jail

noun
\ ˈjāl How to pronounce jail (audio) \

Definition of jail

 (Entry 1 of 2)

1 : a place of confinement for persons held in lawful custody specifically : such a place under the jurisdiction of a local government (such as a county) for the confinement of persons awaiting trial or those convicted of minor crimes — compare prison
2 : confinement in a jail sentenced to jail

jail

verb
jailed; jailing; jails

Definition of jail (Entry 2 of 2)

transitive verb

: to confine in or as if in a jail

Synonyms & Antonyms for jail

Synonyms: Noun

Synonyms: Verb

Antonyms: Verb

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Examples of jail in a Sentence

Noun He was locked up in the county jail. He was arrested and sent to jail. He went to jail for his crimes. He just got out of jail a few weeks ago. He was kept in jail overnight. Verb threatened to jail the punks if they so much as jaywalked See More
Recent Examples on the Web: Noun Criticism of trial-prep subpoenas grew louder after word spread about the lawsuit, which was filed on behalf of a young mother who spent three weeks in jail for not responding to a subpoena that summoned her to prosecutors’ offices for preparation. Megan Crepeau, Chicago Tribune, 14 May 2022 Three years later, his rhymes have helped land him in jail. Helena Andrews-dyer, Washington Post, 13 May 2022 Luciano is currently in jail in Iron County after pleading guilty last fall to felony kidnapping. The Salt Lake Tribune, 13 May 2022 One was arrested by the Hong Kong authorities and sentenced to three years and seven months in jail. Timothy Mclaughlin, The Atlantic, 13 May 2022 Misdemeanor simple battery in Louisiana carries up to six months in jail and a $1,000 fine. CBS News, 12 May 2022 That charge carries up to a year in jail and a $100,000 fine. New York Times, 12 May 2022 Violating the ban is a misdemeanor, punishable by up to six months in jail and a $1,000 fine. Erin Glynn, The Enquirer, 11 May 2022 Rembert was born in Georgia, worked in cotton fields as a child, spent time in jail — including for civil-rights protests against Jim Crow segregation laws — served on a chain gang and survived a lynching attempt. Christopher Arnott, Hartford Courant, 11 May 2022 Recent Examples on the Web: Verb The law, passed earlier this month, empowers Russian authorities to jail anyone for spreading alleged false information about the Kremlin’s invasion of Ukraine. Michael Kan, PCMAG, 25 Mar. 2022 According to Axios, prosecutors are seeking to jail Navalny for 13 years. Brendan Morrow, The Week, 22 Mar. 2022 More than a dozen times, Guatemala’s attorney general and other members of the country’s political and business elite have attempted to revoke Aifán’s judicial immunity, which would allow the government to jail her. Washington Post, 19 Feb. 2022 Michael Gableman backed off his effort to jail two mayors Friday as part of his review of the 2020 election for Republicans in the Wisconsin Assembly. Patrick Marley, Milwaukee Journal Sentinel, 22 Jan. 2022 Rather than taking someone to jail on a trespass charge, that person can instead go to the receiving center to understand his or her behavior before being punished by the law, Brooksby said. The Salt Lake Tribune, 19 Mar. 2022 The plot was allegedly orchestrated by Charles Custodio, 36, who investigators said sought revenge for the broker’s role in sending Custodio to jail in a previous case. Washington Post, 15 Feb. 2022 Assembly Republicans sought Friday to jail the chairwoman of the state Elections Commission, Racine’s mayor and other officials as part of their months-long review of the 2020 presidential election. Patrick Marley, Milwaukee Journal Sentinel, 18 Feb. 2022 The Supreme Court ruled in 1890 that a California sheriff couldn’t jail a deputy U.S. marshal who shot a man on a train while trying to protect a judge. NBC News, 5 Nov. 2021 See More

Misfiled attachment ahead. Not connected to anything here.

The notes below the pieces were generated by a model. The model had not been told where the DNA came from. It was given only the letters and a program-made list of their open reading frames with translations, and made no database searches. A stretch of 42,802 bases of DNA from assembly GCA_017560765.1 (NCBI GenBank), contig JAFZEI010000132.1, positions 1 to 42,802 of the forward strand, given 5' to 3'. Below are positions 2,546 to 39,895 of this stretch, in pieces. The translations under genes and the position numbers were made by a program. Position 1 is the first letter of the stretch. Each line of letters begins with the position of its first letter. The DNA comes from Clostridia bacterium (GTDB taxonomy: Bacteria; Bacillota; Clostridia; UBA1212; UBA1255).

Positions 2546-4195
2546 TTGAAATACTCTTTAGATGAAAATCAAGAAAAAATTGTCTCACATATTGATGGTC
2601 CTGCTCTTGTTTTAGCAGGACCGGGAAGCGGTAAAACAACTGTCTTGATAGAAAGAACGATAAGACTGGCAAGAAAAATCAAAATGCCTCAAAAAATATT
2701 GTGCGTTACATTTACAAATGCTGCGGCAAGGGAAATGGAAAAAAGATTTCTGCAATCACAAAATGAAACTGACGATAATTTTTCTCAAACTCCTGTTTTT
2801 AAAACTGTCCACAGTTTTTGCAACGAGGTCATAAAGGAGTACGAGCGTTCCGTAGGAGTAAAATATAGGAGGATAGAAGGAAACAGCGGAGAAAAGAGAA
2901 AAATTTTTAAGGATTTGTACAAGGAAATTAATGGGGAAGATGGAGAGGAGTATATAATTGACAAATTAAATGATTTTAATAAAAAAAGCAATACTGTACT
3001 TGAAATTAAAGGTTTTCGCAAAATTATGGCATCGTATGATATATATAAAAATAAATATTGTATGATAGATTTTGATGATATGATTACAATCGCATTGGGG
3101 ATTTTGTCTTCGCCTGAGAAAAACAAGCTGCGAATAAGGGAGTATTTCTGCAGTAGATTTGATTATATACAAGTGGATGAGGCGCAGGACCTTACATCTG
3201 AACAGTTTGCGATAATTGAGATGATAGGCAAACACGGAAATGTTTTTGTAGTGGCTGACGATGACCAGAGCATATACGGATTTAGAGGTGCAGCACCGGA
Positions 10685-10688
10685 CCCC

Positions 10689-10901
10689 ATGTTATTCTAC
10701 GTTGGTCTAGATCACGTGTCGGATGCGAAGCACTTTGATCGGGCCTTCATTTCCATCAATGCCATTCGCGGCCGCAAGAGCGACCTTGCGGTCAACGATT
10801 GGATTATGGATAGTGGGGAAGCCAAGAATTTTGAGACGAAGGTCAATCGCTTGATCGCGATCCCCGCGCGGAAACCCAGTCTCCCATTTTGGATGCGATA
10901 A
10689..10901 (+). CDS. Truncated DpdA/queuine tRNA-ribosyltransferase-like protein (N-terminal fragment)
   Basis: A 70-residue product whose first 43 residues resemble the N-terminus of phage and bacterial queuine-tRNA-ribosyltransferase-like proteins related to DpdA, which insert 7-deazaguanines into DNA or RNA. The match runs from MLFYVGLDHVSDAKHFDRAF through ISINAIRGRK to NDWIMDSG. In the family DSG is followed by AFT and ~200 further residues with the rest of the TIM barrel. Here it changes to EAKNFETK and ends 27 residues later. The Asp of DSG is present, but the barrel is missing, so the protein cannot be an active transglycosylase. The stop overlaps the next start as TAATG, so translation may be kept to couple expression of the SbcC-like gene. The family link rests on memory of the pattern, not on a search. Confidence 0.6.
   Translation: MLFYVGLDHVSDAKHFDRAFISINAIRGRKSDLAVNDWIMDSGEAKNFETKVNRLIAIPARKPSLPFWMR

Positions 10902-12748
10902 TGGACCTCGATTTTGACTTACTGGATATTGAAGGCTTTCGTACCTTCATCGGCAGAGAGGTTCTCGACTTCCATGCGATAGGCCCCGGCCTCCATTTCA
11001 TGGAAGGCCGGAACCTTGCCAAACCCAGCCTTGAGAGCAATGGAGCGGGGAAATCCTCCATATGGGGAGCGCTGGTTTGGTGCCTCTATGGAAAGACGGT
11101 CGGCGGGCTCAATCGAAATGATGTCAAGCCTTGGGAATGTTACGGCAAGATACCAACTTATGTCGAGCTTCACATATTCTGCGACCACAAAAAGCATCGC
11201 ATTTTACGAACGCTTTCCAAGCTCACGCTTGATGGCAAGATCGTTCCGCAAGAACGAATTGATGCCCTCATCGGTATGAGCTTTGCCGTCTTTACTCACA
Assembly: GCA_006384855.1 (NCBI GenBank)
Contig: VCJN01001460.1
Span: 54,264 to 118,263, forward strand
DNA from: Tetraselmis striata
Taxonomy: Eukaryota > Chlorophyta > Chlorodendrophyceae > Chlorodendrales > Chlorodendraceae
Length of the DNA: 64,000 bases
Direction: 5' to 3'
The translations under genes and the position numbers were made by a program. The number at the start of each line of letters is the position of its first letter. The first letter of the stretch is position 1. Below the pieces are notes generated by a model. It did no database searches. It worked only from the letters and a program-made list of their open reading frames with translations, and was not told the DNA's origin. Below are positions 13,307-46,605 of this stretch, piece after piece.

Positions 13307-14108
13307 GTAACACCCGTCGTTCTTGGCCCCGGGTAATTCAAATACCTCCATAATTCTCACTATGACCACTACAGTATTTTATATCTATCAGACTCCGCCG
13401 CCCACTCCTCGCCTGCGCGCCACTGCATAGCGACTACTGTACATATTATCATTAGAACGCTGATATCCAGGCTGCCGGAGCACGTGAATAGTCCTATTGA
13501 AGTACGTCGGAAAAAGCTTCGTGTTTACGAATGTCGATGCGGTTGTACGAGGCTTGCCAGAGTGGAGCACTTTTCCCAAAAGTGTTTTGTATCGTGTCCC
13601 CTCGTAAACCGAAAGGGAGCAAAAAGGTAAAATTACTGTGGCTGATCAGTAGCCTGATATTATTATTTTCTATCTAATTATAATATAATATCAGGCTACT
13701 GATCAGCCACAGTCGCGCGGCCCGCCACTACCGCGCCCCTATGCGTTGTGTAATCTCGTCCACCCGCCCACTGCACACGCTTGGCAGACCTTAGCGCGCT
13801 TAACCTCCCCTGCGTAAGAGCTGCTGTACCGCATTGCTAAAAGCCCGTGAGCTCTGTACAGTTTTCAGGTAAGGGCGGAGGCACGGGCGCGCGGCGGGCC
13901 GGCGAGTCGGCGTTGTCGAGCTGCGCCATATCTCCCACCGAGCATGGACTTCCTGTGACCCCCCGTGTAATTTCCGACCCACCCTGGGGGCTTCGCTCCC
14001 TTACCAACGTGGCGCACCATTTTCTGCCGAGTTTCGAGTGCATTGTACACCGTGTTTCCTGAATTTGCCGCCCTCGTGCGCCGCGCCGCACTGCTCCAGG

These example sentences are selected automatically from various online news sources to reflect current usage of the word 'jail.' Views expressed in the examples do not represent the opinion of Merriam-Webster or its editors. Send us feedback.

First Known Use of jail

Noun

13th century, in the meaning defined at sense 1

Verb

1604, in the meaning defined above

History and Etymology for jail

Noun

Middle English jaiole, from Anglo-French gaiole, jaiole, from Late Latin caveola, diminutive of Latin cavea cage — more at cage

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Time Traveler for jail

Time Traveler

The first known use of jail was in the 13th century

See more words from the same century

Dictionary Entries Near jail

jai alai

jail

jailbait

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Statistics for jail

Last Updated

15 May 2022

Cite this Entry

“Jail.” Merriam-Webster.com Dictionary, Merriam-Webster, https://www.merriam-webster.com/dictionary/jail. Accessed 22 May. 2022.

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More Definitions for jail

jail

noun
\ ˈjāl How to pronounce jail (audio) \

Kids Definition of jail

 (Entry 1 of 2)

: prison

jail

verb
jailed; jailing

Kids Definition of jail (Entry 2 of 2)

: to shut up in or as if in a prison

jail

noun
\ ˈjāl How to pronounce jail (audio) \

Legal Definition of jail

: a place of confinement for persons held in lawful custody specifically : such a place under the jurisdiction of a local government (as a county) for the confinement of persons awaiting trial or those convicted of minor crimes — compare house of correction, house of detention, lockup, penitentiary, prison

Other Words from jail

jail transitive verb

More from Merriam-Webster on jail

Nglish: Translation of jail for Spanish Speakers

Britannica English: Translation of jail for Arabic Speakers

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